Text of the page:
The New Hampshire State Senate recently rejected a bill that would have mandated seat belt use for all adults. According to the media, New Hampshire is the only U.S. state without some such law. The discussion involved, unsurprisingly, issues of paternalism and "being told what to do"--squibs from earlier stories in the New York Times noted that "For many residents, buckling up and being required to buckle up are 2 different things," and one proponent of the bill noted that the debate "harkens [sic] to the libertarian 'don't tell me what to do' streak that characterizes much of [NH] politics." The Times stories also noted that "New Hampshire has the lowest rate of seat belt use in the country, 49.6 percent," and that "77 percent of fatal crashes in the state involved occupants who were not wearing seat belts."
Paternalism, of course (whether asymmetric, libertarian, emotional, or other), is increasingly discussed in legal academia. Much of the connection to ELS is in the context of evaluating whether particular interventions (as just one instance, Thaler and Benartzi's SMarT investment approach) in fact improve welfare on some specific outcome.
Less empirical analysis, I think, goes to the justification of such "paternalistic" intervention, and I hoped to post a few comments in that context, using the New Hampshire example as a vehicle [sorry, pun intended] for mentioning empirical research relevant to some of the usual objections to "telling someone what to do." Existing empirical work may indicate that we need to look a little harder at such objections--and I think providing empirical grounds for such a discussion is a fruitful effort for ELS in any context.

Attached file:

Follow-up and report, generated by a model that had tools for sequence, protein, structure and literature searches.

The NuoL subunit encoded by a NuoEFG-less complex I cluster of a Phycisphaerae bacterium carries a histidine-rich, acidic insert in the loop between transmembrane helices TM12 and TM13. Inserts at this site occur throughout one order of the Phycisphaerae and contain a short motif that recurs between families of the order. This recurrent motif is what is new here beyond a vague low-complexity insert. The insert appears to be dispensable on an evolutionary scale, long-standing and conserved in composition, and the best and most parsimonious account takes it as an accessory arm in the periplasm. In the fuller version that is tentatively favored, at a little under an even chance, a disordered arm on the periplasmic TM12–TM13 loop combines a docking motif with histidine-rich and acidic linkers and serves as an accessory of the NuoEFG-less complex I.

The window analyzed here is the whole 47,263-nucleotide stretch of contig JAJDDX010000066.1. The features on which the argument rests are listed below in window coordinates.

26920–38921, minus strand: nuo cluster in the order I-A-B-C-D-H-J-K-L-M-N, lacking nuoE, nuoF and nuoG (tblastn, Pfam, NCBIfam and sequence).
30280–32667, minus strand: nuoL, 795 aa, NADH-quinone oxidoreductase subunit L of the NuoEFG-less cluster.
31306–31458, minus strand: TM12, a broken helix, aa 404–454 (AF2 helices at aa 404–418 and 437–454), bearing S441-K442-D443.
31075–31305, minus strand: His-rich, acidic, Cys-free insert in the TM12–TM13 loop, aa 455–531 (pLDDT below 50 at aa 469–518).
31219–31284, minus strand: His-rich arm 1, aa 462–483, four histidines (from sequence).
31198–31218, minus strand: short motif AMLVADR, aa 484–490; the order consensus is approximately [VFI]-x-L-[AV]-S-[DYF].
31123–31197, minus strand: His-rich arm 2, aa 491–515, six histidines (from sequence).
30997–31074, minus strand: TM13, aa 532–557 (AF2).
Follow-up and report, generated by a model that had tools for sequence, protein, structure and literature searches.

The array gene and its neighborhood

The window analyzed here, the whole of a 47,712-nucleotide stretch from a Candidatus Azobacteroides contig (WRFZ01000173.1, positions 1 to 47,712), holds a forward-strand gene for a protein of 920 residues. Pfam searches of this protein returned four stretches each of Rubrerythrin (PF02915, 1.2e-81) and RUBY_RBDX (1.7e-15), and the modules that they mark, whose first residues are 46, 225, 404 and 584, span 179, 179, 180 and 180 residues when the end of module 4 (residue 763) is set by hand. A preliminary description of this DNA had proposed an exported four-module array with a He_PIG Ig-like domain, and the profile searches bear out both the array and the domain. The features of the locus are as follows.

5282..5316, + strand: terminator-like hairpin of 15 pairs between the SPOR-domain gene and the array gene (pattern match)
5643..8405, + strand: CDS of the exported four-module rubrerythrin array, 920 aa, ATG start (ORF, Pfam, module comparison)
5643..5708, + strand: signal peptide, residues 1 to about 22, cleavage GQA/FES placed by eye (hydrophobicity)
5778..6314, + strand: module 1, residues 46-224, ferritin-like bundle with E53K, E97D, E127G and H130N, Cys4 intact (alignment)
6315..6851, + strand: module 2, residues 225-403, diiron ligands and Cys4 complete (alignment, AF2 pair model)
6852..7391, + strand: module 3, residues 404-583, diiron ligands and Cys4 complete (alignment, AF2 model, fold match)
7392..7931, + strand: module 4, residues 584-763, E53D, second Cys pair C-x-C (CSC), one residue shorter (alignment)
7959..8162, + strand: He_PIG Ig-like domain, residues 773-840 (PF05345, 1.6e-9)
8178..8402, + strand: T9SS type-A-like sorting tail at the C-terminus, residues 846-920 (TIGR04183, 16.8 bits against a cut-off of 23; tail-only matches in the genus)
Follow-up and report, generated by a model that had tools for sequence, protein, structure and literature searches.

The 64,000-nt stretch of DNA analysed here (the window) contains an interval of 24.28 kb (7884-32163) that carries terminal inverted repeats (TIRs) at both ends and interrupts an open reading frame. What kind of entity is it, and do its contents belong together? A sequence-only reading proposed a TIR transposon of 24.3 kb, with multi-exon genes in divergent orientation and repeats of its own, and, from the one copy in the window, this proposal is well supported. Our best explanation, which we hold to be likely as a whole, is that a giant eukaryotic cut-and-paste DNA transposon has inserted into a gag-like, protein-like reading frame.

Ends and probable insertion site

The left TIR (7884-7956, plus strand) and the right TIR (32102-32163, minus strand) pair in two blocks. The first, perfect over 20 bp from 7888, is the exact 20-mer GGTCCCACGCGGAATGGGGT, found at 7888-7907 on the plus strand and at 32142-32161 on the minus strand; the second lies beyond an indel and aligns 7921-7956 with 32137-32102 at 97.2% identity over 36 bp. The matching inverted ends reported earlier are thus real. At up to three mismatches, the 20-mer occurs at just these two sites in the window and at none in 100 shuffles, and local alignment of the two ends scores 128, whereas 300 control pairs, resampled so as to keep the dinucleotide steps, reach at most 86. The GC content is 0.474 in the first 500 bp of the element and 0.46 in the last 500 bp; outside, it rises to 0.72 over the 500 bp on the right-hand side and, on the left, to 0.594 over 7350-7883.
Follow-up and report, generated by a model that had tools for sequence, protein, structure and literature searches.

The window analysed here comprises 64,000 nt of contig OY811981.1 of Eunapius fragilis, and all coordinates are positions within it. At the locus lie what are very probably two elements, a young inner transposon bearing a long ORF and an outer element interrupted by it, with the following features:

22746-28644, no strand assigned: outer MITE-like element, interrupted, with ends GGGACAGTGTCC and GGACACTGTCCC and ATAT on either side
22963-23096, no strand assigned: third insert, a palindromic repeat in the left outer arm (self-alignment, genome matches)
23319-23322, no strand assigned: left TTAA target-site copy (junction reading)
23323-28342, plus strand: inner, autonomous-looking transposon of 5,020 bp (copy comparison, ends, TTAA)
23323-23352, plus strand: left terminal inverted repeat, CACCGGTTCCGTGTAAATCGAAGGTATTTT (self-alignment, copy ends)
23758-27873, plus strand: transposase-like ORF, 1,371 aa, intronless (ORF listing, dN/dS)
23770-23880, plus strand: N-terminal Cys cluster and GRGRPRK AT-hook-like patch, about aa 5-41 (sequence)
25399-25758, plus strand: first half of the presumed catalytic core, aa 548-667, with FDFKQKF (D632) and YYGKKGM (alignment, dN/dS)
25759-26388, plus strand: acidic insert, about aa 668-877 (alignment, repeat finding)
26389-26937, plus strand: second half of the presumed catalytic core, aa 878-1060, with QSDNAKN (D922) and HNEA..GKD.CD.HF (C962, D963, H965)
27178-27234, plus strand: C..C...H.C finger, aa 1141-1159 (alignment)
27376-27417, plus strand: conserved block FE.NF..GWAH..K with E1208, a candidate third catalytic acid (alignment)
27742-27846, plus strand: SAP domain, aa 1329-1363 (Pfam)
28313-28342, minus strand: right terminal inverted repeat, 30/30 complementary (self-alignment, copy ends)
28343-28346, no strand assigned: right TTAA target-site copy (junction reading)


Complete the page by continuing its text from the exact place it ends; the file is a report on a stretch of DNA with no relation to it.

Offhand I can imagine at least five such objections, falling roughly into three categories. First is the classic Millian notion that people know their own preferences, and as a result are best at identifying and choosing their own preferences. Second is the classic autonomy argument: people's freedom to choose should be valued per se ("don't tell me what to do!") ; relatedly, people's preference for the freedom to choose should be valued per se. Third, people learn from their mistakes, and should therefore be allowed to make them--perhaps simply for the substantive benefit of learning what is correct, perhaps to "build character." Jon Klick and Greg Mitchell get at this third category in their recent response to libertarian paternalism (among many other points, of course).
(At least two other objections, mentioned recently by Ilya Somin on the Volokh Conspiracy, involve the accountability of chosen "experts" who make paternalistic decisions and whether those experts should get the final word. A related one, of course, involves public choice and capture. I'll set those aside to the extent that they involve evaluation of the means of effectuating interventions once it's decided that paternalism is appropriate [except where Somin, for instance, notes that "Although the expert is more knowledgeable than I am about technical issues in his field, I am more knowledgeable than he is about my own values"--the first category identified above].)
Again, my goal is not to take sides, but rather to point out another instance of ELS's potential to advance a substantive policy discussion. In short upcoming posts I'll try to identify some empirical research relevant to each of the five objections above.